NOTE: I find that the flavor of butternut squash is so wonderful that I don’t add butter or brown sugar, but some people like squash with those additions. I would recommend not going too heavy on it though with this particular type of squash because it is already a very flavorful squash.
- Preheat the oven to 350 degrees.
- Slice the butternut squash in half the length of its body. Scoop out the seeds. (You can roast the seeds if you like after cleaning, much like pumpkin seeds).
- Sprinkle with salt or even a tad of cinnamon if desired. If using butter or brown sugar, do a smear over the orange flesh of the squash.
- Wrap securely in foil (I always cook mine wrapped in foil. In a pan or on a cookie sheet would work too because you really just want to prevent spills in the oven).
- Bake in the oven for an hour, although cook time will depend on the size of the squash. If you squeeze the squash, it will be soft when you press on it, and that's how you know it is done.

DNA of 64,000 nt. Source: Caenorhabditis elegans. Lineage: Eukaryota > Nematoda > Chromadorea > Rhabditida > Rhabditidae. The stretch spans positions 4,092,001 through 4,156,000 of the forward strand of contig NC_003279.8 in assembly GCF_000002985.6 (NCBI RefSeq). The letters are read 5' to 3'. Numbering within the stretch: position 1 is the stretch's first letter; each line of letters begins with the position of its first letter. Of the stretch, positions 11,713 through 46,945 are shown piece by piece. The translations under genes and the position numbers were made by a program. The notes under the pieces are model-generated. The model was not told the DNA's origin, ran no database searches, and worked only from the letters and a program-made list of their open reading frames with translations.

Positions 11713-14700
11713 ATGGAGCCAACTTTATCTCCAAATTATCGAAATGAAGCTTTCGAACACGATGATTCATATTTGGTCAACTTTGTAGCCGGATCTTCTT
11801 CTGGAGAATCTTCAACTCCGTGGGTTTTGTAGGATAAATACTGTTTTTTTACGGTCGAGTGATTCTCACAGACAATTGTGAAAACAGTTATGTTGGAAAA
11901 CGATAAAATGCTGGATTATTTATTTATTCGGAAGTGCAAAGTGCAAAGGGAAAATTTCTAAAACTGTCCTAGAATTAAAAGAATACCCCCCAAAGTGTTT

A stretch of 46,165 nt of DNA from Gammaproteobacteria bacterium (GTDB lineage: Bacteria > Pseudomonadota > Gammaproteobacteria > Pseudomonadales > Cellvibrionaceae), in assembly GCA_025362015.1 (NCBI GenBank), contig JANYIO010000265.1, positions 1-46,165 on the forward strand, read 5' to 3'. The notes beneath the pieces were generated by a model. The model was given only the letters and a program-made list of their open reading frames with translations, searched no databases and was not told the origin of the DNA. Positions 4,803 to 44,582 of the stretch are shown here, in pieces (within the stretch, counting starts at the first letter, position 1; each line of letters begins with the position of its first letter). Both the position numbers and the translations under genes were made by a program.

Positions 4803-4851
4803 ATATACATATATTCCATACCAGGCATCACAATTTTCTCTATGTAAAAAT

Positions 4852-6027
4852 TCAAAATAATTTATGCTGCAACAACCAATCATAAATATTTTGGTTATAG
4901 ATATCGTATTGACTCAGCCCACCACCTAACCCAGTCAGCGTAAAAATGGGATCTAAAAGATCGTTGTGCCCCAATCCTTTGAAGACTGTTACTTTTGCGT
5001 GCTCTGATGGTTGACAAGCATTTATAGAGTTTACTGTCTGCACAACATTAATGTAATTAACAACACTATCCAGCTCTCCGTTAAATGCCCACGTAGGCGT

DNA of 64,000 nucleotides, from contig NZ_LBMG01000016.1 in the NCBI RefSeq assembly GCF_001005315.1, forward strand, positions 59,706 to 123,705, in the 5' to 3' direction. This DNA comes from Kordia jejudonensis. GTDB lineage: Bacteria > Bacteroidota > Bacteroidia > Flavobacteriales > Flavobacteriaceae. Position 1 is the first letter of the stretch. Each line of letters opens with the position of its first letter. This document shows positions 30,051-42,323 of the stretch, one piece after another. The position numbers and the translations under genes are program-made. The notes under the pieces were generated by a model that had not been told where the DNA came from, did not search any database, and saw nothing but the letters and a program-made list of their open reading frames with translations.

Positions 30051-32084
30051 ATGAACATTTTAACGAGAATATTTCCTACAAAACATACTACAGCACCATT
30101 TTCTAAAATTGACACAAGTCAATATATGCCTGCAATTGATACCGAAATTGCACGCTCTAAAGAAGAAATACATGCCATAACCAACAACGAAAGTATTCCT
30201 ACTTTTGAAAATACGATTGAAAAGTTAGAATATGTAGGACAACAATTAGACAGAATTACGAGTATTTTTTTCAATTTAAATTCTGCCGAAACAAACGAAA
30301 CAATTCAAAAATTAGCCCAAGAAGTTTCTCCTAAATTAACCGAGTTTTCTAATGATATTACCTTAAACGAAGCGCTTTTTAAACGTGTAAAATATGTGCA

- If you have cooked without butter and brown sugar, you can scoop out the squash's flesh and add a tad of butter, brown sugar, salt, or spices to taste. I find butternut squash to be just perfect as is.
Leftover butternut squash: I have used some of it to stir into soups and stews or added it to potpies rather than flour or potatoes because it has such a great flavor. Also delicious as a soup—and the health benefits are great!
Which Part of the Animal Does Roast Beef Come From?
Realistically, whichever part you like! Roast beef is exactly that: roast beef. You can use whichever cut of beef tickles your fancy. If you're looking for the most bang for your buck, you might go for a cheap cut, such as chuck steak. However, if you're searching for the best cut for sandwiches, you're going to be on the lookout for something with ample marbling, such as a bottom roast.
Which Cut of Meat Is Best for Roast Beef?